Man’s best friend, in this case a male poodle, is genetically more similar to humans than is the mouse, a more commonly used laboratory animal, according to researchers who have completed the first rough draft sequence of the genes of a dog.
Since the start in recent years of intense genetic sequencing, more than 150 species, mostly bacteria, have been completed, but the study appearing this week in the journal Science is the first for a companion animal.
A standard size poodle named Shadow, the family pet of gene researcher J. Craig Venter, provided the specimen that researchers at The Institute for Genomic Research and the Center for Advancement of Genomics used to sequence the canine genes.
“Shadow is now one of history’s most valuable dogs,” said Venter, founder of the both institutions and leader of one of the two teams that first sequenced the human genome.
The rough draft shows dogs have about 2.4 billion base pairs of DNA, or about half a billion fewer than humans.
Boon to medical research
Ewen F. Kirkness of the institute for Genomic Research, the first author of the study, said that genetic sequence is important for medical research because dogs share about 360 of the same genetic disorders that are known in humans.
Dogs, he said, are second only to humans in the thoroughness of medical understanding and research.
Also, Kirkness said the dog is much more genetically similar to humans than is the mouse, even though mice and humans are closer together on the tree of evolution.
All mammals, at one point, had a common ancestor. But dogs are known to have diverged toward an independent species about 95 million years ago. The mouse and humans both diverged about 87 million years ago, making mice closer to humans in time.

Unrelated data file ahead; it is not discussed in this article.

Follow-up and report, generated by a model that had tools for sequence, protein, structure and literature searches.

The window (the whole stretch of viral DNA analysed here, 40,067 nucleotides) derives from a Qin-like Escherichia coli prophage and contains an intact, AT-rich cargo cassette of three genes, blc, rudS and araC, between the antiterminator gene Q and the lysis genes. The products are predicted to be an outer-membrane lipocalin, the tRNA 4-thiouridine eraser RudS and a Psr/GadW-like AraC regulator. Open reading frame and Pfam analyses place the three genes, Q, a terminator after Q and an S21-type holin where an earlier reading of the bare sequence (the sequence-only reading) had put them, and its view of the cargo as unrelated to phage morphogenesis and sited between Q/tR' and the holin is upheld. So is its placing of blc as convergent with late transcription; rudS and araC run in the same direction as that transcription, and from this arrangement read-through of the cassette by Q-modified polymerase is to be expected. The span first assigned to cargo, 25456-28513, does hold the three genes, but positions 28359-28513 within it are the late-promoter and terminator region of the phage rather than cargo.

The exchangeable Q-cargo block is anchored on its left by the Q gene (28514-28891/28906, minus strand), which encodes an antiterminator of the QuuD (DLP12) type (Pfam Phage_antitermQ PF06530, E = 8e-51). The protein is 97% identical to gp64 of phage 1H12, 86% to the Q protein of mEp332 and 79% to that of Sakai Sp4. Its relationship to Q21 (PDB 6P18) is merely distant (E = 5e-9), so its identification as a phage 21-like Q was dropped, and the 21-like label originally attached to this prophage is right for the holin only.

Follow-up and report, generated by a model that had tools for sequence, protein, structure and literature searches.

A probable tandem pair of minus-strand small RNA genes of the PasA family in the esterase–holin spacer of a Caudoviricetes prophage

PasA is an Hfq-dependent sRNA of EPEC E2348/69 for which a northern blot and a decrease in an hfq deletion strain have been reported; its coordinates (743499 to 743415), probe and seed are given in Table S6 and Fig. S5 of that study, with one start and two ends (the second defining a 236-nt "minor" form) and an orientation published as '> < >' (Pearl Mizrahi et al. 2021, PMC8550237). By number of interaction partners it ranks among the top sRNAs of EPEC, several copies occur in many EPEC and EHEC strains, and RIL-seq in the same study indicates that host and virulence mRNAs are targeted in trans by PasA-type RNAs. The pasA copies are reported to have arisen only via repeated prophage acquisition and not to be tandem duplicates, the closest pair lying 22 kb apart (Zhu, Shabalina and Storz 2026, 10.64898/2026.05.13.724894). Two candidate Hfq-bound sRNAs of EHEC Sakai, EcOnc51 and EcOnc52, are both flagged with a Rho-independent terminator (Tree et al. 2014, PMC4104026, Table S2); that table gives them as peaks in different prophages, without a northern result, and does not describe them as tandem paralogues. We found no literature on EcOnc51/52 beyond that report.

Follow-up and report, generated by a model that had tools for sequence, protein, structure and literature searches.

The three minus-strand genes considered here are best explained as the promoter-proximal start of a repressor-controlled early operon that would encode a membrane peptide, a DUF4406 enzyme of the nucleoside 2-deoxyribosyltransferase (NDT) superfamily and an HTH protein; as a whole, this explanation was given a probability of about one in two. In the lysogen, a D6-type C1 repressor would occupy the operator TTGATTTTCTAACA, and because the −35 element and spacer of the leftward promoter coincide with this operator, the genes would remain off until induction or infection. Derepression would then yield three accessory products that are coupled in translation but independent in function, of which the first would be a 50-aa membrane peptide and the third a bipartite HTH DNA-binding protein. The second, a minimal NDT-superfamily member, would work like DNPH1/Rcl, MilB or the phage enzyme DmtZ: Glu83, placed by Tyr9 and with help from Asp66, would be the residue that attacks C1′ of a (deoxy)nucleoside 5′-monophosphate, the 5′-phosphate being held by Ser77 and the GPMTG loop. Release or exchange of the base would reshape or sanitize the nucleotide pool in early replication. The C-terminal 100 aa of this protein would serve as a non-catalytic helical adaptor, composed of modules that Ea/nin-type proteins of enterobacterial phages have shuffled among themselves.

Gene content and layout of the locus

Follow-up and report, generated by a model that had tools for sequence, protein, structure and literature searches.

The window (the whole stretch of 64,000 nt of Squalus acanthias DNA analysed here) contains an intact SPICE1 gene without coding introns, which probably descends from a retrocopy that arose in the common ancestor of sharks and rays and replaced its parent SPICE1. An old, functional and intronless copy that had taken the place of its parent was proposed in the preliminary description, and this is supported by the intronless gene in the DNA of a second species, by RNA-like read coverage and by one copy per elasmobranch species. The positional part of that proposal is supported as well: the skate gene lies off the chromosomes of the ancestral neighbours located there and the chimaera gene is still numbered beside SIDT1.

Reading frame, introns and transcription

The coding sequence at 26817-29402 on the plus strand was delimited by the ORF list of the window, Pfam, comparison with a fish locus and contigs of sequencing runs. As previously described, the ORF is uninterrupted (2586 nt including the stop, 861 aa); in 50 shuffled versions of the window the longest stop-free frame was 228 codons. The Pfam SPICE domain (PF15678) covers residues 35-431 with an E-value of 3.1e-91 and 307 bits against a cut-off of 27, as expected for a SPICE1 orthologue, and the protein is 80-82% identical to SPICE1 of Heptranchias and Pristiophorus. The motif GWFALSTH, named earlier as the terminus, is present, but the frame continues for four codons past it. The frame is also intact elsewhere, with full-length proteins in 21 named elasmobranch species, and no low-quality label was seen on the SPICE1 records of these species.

“We are much closer to the dog than to the mouse in terms of our gene content and structure,” said Venter. “But if you do the evolutionary tree, we are on the same linage as the mouse. The mouse is evolving at a much faster rate.”
The researchers achieved what is called 1.5 X coverage of the dog genome. This means many DNA fragments remain and the results are less accurate than the completed sequences of some other species. For instance, the mouse has been sequenced to a 8 X coverage, which is considered ideal and essentially complete.
But Venter said because of the genetic sequences already completed for other species, particularly the human and the mouse, his team was able through comparison to quickly identify genes and gene regulatory elements in the dog genome that match those in other mammals.
Using this technique from species to species will enable researchers to more quickly and at less cost identify the genetic source of many human disorders, he said.
Venter said his labs can now do three other mammal species, probably the whale, elephant and dolphin, for what it would have cost to carry the dog genome to an 8 X fidelity.
William J. Murphy, a researcher at the Laboratory of Genomic Diversity at the National Cancer Institute, said the major contribution of the study by Venter and his co-authors is that it shows that a low fidelity sequence of mammal genes can be very useful and more quickly advance human genetic studies.
“We can do more species at lower cost and still annotate (identify) elements of the human genome with equal power,” he said.
A more complete genetic sequencing of the dog is being funded at another lab by the National Institutes of Health, Murphy said, and is expected to be finished next year.
With the dog completed, can the cat be far behind? Murphy said his lab has proposed sequencing the feline genome. The chicken genome is expected to be finished this year and gene sequencing has been proposed for the pig and the cow, he said.